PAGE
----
In allocating draft resources, would Dallas Cowboys go defensive tackle at No. 24?

Georgia's Jordan Davis is the top-ranked defensive tackle in the 2022 draft class by Scouts Inc. Dale Zanine/USA TODAY Sports

FRISCO, Texas -- In discussing the reason for trading receiver Amari Cooper, Dallas Cowboys owner and general manager Jerry Jones potentially offered up a hint at their draft strategy as well.

“Amari is a great player. He's a great player, not a good one. He's one of the top players,” Jones told reporters at the NFL owners meetings in Palm Beach, Florida. “We need to get that much. We need to help that player if we can allocate that much money to him. OK? And we made a decision that that allocation should be better spent.”

It was a polite way of saying Cooper was not worth, in the team’s view, the $20 million base salary he was due in 2022.

Whether Cooper’s drop-off in productivity in 2021 was because of his play, offensive coordinator Kellen Moore’s scheme, quarterback Dak Prescott’s decision-making or poor offensive line play doesn’t really matter to Jones. Was he worth the $20 million? The Cowboys decided he wasn’t, and whether they are right or wrong will be answered this season by how Cooper is replaced.

As the Cowboys get ready to make the 24th overall pick in the first round later this month, allocation is a keyword.

Like everything with the draft, nothing is black and white. There are shades of gray when it comes to allocation.

In 2016, the Cowboys selected Ezekiel Elliott at No. 4 overall, a high price for a position (running back) that generally does not have a long shelf life. They took Elliott to help prolong Tony Romo’s career, and then the quarterback never started a game with Elliott because of a preseason back injury.

Also, by taking Elliott so high, the Cowboys were married to him for a second contract, and now Elliott’s $90 million contract signed in 2019 looks bloated. The Cowboys could have selected cornerback Jalen Ramsey, who recently told The Pivot Podcast with Ryan Clark that the Cowboys assured him he would be their selection.

In 2020 and ’21, the Cowboys did not need to draft a first-round receiver (especially after paying Cooper) or linebacker (especially with Jaylon Smith in the middle of his second contract). But in the first round of those two drafts, they selected CeeDee Lamb and Micah Parsons, who ultimately made Cooper and Smith expendable.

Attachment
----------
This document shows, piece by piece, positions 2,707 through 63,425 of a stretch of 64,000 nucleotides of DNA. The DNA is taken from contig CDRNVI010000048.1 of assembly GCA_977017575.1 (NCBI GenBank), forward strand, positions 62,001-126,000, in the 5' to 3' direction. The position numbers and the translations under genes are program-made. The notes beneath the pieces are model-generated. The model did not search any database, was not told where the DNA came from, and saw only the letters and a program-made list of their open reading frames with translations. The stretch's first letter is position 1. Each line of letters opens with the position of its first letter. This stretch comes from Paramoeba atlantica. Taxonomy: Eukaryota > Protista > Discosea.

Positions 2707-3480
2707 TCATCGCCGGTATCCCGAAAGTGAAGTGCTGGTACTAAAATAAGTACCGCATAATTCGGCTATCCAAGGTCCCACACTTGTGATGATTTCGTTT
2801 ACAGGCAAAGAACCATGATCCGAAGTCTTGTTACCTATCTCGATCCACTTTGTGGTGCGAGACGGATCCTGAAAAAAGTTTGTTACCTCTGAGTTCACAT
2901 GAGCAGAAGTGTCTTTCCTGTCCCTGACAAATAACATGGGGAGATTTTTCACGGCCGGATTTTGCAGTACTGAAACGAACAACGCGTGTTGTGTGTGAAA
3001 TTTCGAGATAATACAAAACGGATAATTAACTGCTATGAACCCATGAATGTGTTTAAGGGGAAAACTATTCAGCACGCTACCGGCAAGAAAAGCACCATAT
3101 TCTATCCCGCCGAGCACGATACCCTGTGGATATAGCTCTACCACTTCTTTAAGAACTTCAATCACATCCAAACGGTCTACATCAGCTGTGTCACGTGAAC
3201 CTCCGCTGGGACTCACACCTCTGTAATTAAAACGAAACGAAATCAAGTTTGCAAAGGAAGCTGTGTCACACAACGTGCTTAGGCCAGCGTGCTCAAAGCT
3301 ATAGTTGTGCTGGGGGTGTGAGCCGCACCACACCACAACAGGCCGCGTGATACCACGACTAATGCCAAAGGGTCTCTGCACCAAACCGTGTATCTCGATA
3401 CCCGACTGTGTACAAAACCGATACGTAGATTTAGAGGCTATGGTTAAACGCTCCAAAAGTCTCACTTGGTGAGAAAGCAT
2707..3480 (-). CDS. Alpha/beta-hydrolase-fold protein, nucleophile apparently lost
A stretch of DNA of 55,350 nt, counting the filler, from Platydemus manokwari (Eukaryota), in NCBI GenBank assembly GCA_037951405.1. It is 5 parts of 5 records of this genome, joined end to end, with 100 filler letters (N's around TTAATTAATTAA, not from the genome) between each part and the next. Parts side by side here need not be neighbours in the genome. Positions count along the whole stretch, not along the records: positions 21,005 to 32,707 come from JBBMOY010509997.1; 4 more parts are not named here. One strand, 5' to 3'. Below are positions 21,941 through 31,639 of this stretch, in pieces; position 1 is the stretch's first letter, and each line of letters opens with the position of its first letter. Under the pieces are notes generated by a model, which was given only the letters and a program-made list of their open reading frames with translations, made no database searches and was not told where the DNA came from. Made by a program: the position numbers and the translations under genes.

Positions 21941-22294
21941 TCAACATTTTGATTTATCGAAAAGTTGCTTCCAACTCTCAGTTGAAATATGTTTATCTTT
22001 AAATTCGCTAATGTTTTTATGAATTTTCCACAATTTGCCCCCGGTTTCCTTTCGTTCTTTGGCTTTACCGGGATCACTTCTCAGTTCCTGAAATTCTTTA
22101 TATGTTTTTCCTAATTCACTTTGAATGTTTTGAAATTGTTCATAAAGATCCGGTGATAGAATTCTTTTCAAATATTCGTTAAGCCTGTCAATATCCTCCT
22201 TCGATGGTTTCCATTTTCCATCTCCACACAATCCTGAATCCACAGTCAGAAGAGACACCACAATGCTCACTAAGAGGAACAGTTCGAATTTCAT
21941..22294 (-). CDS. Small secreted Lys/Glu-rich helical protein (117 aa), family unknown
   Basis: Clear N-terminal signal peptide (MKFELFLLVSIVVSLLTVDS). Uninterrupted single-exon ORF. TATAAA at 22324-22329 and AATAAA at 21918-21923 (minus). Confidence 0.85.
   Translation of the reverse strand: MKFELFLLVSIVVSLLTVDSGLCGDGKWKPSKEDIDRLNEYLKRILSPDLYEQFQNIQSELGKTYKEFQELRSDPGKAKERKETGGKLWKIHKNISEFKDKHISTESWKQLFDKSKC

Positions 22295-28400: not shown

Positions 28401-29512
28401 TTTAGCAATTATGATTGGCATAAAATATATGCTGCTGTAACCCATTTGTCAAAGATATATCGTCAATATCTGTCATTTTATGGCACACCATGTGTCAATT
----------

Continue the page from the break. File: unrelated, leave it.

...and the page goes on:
The Cowboys’ needs now are obvious: offensive line, receiver, tight end, defensive line and linebacker.

They must get starters or major role players at all four spots, and while pick No. 24 is too high for a tight end, it’s not for any other position.

But what about defensive tackle?

While it seems as if the club’s philosophy has only recently been to devalue nose tackles, the Cowboys have not used a first-round pick on a defensive tackle since taking Russell Maryland No. 1 overall in 1991.

Among their top national pre-draft visitors to The Star is Georgia defensive tackle Jordan Davis. He is a behemoth (6-foot-6, 341 pounds). He eats up blockers. He was a star among stars on a defense that could have at least four first-round picks in a few weeks.

But would he be worth the first-round allocation for the Cowboys?

Over the past three years, the Cowboys’ starting nose tackles have played between 38.1% and 44.3% of the snaps on the season. While it can be argued Carlos Watkins, Antwaun Woods and Christian Covington will not be mistaken for Davis, the Cowboys use their sub-package defense a lot more than their base defense.

Davis had two sacks last year at Georgia.

“Jordan Davis has the size and power of an interior disruptor, who can create havoc against the run game,” ESPN analyst Matt Bowen said. “The question is in terms of draft value points to his deployment in pass-game situations. Davis wasn’t used in sub-package sets at Georgia. Does he display enough pass-rush traits that can be developed with pro coaching to play a three-down role in the NFL?”

Would the Cowboys change their process? Is Davis such a superior run defender that it would trump his lack of pass rush? Does he have more pass-rush skill than he exhibited at Georgia because he wasn’t asked to do it?

By bringing Davis to The Star, the Cowboys have at least attempted to get the answers to those questions.

But will they make the allocation if he is available?

If they did, they’d go against their history.